The number of filibusters in the Senate have sky-rocketed since the early 1990s. You can thank Bob “Easy, Boy” Dole for that one. Back in 1993 the Democrats were giddy with power, controlling majorities in both the House and Senate and with their man Bill in the White House. Having been elected to deal with the 1991-1992 recession on the mantra “It’s The Economy, Stupid”, Clinton sent a stimulus bill to Congress in early 1993. Republicans in the House condemned it as more Democratic tax and spend politics. With a large majority in the House, however, the Democrats were able to ride roughshod over the GOP, passing the bill without allowing the Republicans much in the way of debate or amendment. Dole, the Republican Senate minority leader, decided to teach the Democrats a lesson in congeniality. Dole dug out a Senate Rule that hadn’t seen the light of day since the 19th century. (Say what you will about Dole the Presidential Candidate—he was a Whiz bang Senatorially leader, the likes of which neither party has seen since he left his real home for the Quixotic ’96 campaign.) The rule essentially allows you to “phone-in” a filibuster. If your side in the Senate has a secure 41 votes to block a motion of cloture, your side can simply announce it will filibuster a bill if it is brought to the floor. The other side, knowing they cannot bring the bill to a vote and facing the possibility of a real, stay up all night in the Senate filibuster, is now helpless. The bill dies without sixty votes.
When Dole did this to the Democrats they responded with anger, frothing at the mouth and sputtering before the press about how undemocratic and unfair it was. (Clinton’s stimulus plan died.) Bob Dole responded by blowing them a raspberry. Then Republicans took over the Senate in 1994 and, for the next six years, Democrats started to use Dr. Dole’s Pain Free Magic Filibuster Elixir, guaranteed to kill bills before they kill you. Republicans responded with anger, frothing at the mouth and sputtering before the press about how undemocratic and unfair it was. Democrats responded by blowing them a raspberry. Then Democrats took control of the Senate in 2001 and Republicans Doled them with filibusters. Democrats sputtered, Republicans raspberried. When Republicans took back the Senate in 2002, though, things turned even uglier. Democrats began using the Dole filibuster to block several of George W. Bush’s more controversial (at least in their minds) appellate court nominations. Republicans sputtered and frothed—and threatened to change the rules on judicial nominations to take a vote of cloture down to a simple majority, effectively killing the use of the filibuster. Republican leaders at first called this the “nuclear option” as in going to total war with the Democrats, changing the incendiary phrase to the “Constitutional Option” (which, like many GOP handles, was both misleading and false: there is nothing in the Constitution that precludes the use of the filibuster in the Senate.) Then John McCain stepped into the breach (that was back in the pre-2008 days when McCain was still a moderate maverick and not the cranky old reactionary conservative he morphed into). McCain reminded his fellow party members that, while they were currently in the majority one day they might not be so lucky and, when that day came, they might really like to be able to use a filibuster or seventy-three to block the judicial nominations—and other actions—of some future liberal Democratic President. Say, a charismatic black politicians from, or, I dunno, Chicago? McCain led the Group of 14 senators who pushed through a compromise: the Democrats would practice more restraint in blocking Bush judicial nominations, the filibuster would remain untouched. Reactionary-right Republicans continue to this day to condemn cranky conservative McCain for being a mooshy RINO for betraying his party with his Gang of 14, even though that is the reason why, five years later, a minority of forty-one Republicans in the Senate can now derail healthcare—and the rest of the Obama agenda.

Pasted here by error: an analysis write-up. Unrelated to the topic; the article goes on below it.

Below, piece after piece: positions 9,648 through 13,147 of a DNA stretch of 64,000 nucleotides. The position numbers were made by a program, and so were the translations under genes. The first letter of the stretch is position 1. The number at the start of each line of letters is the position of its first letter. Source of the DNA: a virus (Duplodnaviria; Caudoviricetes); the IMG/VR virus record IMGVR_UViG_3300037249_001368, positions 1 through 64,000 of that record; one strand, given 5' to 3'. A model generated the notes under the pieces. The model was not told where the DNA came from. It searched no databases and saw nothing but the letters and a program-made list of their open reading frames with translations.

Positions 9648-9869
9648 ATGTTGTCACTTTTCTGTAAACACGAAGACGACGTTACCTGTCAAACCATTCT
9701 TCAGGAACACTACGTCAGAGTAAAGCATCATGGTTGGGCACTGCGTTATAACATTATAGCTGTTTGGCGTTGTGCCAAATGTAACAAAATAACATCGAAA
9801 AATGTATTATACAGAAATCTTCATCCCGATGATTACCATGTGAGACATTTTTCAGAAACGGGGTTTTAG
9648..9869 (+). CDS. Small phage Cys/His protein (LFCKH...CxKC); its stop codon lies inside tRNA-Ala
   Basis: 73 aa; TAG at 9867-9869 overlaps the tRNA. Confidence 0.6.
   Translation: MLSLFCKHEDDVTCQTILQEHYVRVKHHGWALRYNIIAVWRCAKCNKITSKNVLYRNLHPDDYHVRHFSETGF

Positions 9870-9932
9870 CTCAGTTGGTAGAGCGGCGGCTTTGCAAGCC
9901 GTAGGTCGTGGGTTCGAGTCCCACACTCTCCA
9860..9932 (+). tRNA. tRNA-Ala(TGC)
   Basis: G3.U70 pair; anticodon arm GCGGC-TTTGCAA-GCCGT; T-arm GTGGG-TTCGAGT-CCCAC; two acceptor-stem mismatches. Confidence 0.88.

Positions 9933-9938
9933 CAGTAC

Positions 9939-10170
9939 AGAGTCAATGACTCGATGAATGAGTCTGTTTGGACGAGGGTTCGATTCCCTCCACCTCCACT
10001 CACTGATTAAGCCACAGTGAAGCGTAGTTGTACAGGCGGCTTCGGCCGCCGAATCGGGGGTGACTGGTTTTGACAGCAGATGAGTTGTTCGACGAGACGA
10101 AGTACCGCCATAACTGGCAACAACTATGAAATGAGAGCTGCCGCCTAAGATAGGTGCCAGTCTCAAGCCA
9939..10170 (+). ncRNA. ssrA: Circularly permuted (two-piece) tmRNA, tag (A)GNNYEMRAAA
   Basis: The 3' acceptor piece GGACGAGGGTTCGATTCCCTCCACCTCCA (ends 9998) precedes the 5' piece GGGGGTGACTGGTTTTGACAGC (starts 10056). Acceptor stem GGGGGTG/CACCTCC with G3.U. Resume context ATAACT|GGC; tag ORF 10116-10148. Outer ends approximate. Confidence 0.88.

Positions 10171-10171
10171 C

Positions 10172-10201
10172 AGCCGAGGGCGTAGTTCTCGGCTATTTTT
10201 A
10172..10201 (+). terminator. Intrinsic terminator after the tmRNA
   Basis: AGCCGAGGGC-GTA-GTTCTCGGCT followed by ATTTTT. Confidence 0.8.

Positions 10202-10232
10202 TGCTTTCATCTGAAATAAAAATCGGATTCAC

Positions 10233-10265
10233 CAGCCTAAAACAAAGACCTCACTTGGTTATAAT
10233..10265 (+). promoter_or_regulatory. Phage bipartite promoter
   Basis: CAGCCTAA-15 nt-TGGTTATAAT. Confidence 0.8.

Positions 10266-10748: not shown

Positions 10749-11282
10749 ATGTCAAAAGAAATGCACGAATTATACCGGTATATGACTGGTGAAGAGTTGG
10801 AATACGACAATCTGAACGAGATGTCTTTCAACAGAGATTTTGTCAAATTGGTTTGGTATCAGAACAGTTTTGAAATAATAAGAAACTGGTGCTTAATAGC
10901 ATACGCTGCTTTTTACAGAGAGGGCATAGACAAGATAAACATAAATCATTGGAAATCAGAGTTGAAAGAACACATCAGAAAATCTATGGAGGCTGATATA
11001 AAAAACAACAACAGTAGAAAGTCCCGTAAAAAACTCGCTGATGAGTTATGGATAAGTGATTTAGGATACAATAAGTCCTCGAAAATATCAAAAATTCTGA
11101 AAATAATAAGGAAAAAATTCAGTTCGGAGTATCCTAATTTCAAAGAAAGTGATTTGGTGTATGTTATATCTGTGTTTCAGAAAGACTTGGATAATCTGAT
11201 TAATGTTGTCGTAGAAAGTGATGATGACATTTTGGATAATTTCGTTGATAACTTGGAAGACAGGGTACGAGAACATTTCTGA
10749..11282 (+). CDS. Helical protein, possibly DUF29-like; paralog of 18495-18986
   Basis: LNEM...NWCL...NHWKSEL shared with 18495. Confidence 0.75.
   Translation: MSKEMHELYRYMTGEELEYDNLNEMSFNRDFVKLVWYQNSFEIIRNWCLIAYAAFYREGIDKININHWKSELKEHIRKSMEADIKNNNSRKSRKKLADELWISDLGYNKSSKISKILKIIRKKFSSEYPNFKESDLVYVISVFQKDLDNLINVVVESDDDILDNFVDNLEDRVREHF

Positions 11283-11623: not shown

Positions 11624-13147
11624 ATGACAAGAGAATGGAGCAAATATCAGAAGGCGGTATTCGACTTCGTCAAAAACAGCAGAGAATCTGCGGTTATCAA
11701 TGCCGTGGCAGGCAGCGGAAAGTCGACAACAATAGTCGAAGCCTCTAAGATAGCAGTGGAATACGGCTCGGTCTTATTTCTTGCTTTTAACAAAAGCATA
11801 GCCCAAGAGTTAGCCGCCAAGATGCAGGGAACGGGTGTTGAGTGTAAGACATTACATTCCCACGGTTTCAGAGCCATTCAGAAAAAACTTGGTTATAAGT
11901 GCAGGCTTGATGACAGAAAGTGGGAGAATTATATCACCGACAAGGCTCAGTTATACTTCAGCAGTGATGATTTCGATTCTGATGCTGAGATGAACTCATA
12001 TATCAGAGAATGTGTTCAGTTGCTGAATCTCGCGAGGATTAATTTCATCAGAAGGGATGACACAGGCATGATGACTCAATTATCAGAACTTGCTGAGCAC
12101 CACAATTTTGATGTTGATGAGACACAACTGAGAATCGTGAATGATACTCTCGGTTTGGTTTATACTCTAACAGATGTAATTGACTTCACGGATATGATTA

Of course, that is also not the whole story, either.